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Algorithm development and AI

Psychology and technology

Wearables and monitoring systems



Stress Tracking in Real life with multimodal Algorithms using data from Commercial wearables in a Student and Staff population

Monitoring Stress Using Commercial Wearables and Self-Reporting in a Student and Staff Population


From until

Supported by

Industrieel Onderzoeksfonds (C3-project 2 Jaar - referentie C3/23/043)


Stress is a complex and individual experience that affects both the autonomic nervous system and subjective perception. Commercially available wearables can provide new scientific insights into stress monitoring. For this purpose, we need data from daily life, including physiological data and self-assessment data. Subsequently, we apply machine learning and data mining techniques. The StressTRACS project will enable companies to enhance current mental health applications by incorporating a new, evidence-based data stream for stress identification.

The role of the Centre of Expertise Care and Well-being?

Research Group Mobilab & Care is the project leader of the StressTRACS project and will be responsible for project coordination and the development of the stress monitoring algorithm. This algorithm is based on physiological responses from the autonomic nervous system (ANS). 

Research group People and Well-being (Psychology and Technology) is responsible for designing the strategy to map the subjective experience of stress. Additionally, they coordinate data collection in daily life using the stress monitoring algorithm and self-reporting.

Role KULeuven M3-Biores?

At the start of the project, we will evaluate a number of wearables under controlled conditions with healthy volunteers, students, and staff from KU Leuven and Thomas More. This evaluation will take place in strictly controlled laboratory conditions within the climate chambers of M3-BIORES. Additionally, M3-BIORES will work on a stress monitoring algorithm based on the homeostatic regulator, and the results will be combined with those from Mobilab & Care’s stress monitoring algorithm.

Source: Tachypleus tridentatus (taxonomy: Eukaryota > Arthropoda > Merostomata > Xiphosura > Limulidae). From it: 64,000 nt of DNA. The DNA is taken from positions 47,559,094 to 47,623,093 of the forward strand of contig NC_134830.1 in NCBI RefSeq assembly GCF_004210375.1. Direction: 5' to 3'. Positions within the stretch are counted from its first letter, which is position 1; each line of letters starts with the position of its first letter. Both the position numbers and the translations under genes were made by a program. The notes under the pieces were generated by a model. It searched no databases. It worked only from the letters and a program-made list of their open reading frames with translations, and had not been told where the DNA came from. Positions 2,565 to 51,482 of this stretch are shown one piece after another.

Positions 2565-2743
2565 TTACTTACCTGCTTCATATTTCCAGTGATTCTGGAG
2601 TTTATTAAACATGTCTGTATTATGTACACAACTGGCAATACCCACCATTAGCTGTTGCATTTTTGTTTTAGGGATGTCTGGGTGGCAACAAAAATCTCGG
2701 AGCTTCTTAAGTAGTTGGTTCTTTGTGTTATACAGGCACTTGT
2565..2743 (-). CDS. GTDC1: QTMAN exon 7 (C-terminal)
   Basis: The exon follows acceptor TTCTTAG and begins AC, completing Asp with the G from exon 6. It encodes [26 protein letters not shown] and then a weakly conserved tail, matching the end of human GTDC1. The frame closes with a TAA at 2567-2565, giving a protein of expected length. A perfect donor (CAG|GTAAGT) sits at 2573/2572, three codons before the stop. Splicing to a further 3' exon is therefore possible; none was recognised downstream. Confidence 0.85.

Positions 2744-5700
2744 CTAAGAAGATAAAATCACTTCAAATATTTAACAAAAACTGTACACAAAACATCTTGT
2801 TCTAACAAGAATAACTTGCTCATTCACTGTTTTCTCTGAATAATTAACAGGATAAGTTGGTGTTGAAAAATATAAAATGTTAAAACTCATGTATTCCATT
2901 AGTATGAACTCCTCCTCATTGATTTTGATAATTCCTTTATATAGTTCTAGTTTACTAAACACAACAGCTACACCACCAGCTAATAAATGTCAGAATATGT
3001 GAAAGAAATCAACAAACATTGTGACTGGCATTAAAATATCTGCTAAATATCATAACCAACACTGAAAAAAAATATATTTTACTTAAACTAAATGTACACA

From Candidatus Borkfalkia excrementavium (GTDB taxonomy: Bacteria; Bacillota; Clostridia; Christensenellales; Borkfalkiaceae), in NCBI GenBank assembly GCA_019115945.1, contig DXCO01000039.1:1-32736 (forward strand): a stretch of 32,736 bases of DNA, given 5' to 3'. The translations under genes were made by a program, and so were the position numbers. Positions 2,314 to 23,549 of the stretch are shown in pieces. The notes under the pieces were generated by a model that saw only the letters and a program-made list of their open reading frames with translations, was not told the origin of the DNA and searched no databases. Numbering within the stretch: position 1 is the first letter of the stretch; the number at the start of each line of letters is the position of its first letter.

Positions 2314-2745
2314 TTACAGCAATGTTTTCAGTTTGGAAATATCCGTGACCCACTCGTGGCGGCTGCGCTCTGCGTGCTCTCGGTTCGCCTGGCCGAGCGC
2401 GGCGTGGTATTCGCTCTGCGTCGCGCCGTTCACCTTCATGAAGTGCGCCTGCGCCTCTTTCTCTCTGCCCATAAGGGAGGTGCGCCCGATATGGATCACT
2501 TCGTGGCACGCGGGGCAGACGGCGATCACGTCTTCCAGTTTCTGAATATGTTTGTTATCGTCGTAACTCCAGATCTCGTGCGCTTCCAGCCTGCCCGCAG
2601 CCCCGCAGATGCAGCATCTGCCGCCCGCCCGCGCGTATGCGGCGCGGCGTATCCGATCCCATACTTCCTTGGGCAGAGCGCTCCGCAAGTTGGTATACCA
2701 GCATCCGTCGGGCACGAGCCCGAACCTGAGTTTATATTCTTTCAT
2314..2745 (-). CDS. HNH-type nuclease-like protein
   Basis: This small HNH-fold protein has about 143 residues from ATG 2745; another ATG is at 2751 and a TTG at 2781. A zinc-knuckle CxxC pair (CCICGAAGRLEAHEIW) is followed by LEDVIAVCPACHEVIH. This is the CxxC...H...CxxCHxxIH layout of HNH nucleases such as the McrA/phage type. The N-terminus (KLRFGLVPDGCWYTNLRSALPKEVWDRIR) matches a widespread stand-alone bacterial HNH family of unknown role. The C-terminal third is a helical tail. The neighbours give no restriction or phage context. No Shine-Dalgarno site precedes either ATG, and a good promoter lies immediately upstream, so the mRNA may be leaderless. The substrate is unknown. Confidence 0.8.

Approximately 45% of Flemish students experience regular to constant study-related stress, and 20% have a psychological problem with a significant impact on daily life, according to a survey by the Flemish Association of Students (VVS). Inspired by these results, we monitor students from the KU Leuven association.

About one in three Flemish individuals owns a wearable device for continuous monitoring of behavior and physiology. However, few of these widely available devices use scientifically validated algorithms to detect stress. This discourages companies from integrating this technology into existing stress and mental health applications.


The StressTRACS project aims to elevate current mental health applications by incorporating a new, evidence-based data stream for stress identification. We utilize commercially available wearables in combination with user information



Bert Bonroy

Fascinated by how technology can support care today and tomorrow.


Romy Sels

Specialised in using technology to optimise the rehabilitation process.


Glen Debard

Researcher committed to introducing technology in (mental) health care for young and old.


Nele De Witte

Nele De Witte (PhD) is a researcher in the People and Well-being research group, research line Psychology and technology. Her areas of expertise include wearables and XR. She is also the scientific coordinator of LiCalab.


Toon Colman

Toon Colman (MSc) is a researcher in the People and Well-being group, research line Psychology and technology. As an experimental psychologist, he wants to leverage his methodological expertise for the benefit of (mental) health.